Future scientists -- such as Sam Macuga, a seventh-grader at Ecker Hill Middle School -- gathered in the gymnasium at Treasure Mountain Junior High Tuesday, Feb. 25, proudly displaying their projects and waiting for judges to approach them and ask about their experiments.
Macuga said that she would like to become a scientist if she doesn't become a professional athlete, because she loves experimenting with chemical reactions. Her project used titration to see if the amount of calcium in milk is affected by the amount of fat, and she hopes it will get her back to the state fair where she competed last year.
"Titration uses chemicals to find the amount of a substance in another substance, so I used that see if there was a difference between whole milk and skim milk," Macuga said. "I'm really excited to see the judges and see how well I do, because I would like to make it back to the state science fair this year."
Park City High School students Elizabeth Prucka and Maddie Reed also hope to return to the state science fair. They competed last year with an experiment similar to the one they conducted this year.
"This is the 2.0 version, which is greatly improved since last year," Reed said.
Their experiment, "Guns, Flames and Steel 2.0: Modern Armor for Modern Warfare," took them all the way to the INTEL International Science and Engineering Fair in Phoenix, Ariz. last year, and they are hoping to make it to the one in Los Angeles, Calif. this year.
"The best thing about nationals was that there are so many different ideas and people with new and exciting projects," Prucka said.
Isabella Canada and Emi Labon, students at Treasure Mountain Junior High, conducted a particularly new and exciting experiment. They said they were surprised to have made it to the district science fair given the "unorthodox" nature of their project.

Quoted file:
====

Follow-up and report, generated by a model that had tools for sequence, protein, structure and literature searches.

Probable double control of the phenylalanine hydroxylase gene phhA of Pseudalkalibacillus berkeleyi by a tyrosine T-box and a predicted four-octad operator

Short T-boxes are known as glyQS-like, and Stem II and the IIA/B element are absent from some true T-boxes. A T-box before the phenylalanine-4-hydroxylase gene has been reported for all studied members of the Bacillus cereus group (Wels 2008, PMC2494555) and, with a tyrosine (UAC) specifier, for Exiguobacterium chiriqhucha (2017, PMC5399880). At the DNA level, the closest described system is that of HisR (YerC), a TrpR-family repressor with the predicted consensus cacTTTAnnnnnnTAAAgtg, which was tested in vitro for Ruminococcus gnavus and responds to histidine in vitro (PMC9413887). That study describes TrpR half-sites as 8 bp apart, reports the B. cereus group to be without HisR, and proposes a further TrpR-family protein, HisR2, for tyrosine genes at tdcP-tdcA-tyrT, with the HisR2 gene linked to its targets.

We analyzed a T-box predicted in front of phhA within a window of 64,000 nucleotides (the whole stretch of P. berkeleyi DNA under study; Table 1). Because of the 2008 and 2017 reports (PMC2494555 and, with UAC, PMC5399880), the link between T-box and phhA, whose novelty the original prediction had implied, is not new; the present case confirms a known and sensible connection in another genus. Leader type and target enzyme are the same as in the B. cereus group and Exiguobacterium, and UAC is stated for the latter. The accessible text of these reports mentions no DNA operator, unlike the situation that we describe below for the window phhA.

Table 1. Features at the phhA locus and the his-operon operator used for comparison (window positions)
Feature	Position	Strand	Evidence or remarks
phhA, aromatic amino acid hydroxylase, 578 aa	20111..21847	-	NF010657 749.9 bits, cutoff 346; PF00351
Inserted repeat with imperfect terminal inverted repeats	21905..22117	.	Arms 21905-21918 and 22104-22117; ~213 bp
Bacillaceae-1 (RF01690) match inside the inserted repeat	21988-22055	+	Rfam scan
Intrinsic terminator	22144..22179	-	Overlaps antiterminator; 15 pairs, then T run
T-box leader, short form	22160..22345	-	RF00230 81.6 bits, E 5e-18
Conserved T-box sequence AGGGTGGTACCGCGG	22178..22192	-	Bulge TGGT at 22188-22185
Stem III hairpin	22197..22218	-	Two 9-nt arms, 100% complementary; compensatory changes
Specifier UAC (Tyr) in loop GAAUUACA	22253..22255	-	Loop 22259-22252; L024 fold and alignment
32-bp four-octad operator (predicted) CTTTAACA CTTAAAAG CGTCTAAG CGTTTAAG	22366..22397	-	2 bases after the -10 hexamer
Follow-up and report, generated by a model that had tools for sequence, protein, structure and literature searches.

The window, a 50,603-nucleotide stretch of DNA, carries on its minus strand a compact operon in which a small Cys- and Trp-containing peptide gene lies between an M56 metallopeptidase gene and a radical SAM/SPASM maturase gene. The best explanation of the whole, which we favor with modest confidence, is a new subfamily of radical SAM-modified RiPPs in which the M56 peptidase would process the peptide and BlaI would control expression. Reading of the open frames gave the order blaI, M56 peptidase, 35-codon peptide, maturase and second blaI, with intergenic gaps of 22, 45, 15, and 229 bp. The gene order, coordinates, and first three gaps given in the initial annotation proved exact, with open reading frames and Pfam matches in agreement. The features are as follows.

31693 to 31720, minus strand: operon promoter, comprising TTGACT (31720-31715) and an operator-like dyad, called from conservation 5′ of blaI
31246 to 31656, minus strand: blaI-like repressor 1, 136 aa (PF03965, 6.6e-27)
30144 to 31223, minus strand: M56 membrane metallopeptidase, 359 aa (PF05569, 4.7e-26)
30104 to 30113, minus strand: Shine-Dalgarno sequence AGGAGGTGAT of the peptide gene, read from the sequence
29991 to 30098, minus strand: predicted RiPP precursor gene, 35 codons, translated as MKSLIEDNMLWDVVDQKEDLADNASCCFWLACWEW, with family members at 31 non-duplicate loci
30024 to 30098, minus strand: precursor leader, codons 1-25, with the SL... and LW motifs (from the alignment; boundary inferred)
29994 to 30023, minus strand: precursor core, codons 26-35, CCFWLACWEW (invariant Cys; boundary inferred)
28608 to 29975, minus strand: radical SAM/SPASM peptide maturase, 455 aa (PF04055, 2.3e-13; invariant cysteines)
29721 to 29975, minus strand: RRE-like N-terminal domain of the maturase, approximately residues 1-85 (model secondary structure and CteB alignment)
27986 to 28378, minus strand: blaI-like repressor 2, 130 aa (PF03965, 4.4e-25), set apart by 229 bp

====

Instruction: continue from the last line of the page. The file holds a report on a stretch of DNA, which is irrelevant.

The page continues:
"We picked the problem of pain, because living in a very athletic town means there are a lot of injuries," Canada said. "We thought that if we could figure out how pain works and how different things affect it, maybe we could come up with a solution to the problem."
Canada and Labon wanted to see if using profanity when in a painful situation will help a person to tolerate the pain. They had to fill out forms that ensured they could use profanity and make sure they were not conducting "human torture."
"We found that profanity does, in fact, help your pain tolerance. While most regular words are stored in your central cortex, profane words are stored in the limbic region, which is also where your emotions and primal instincts like 'fight or flight response' are," Labon said. "So when you use a swear word, you are also triggering an emotion, which helps release endorphins and help you cope with the pain."
Canada said she hopes to become a medical pathologist or a coroner while Labon said she would like to be either a veterinarian or an epidemiologist, someone who studies diseases and helps treat world infections.
Grades 7-12 were judged in the morning, and grades 5-6 were judged in the afternoon.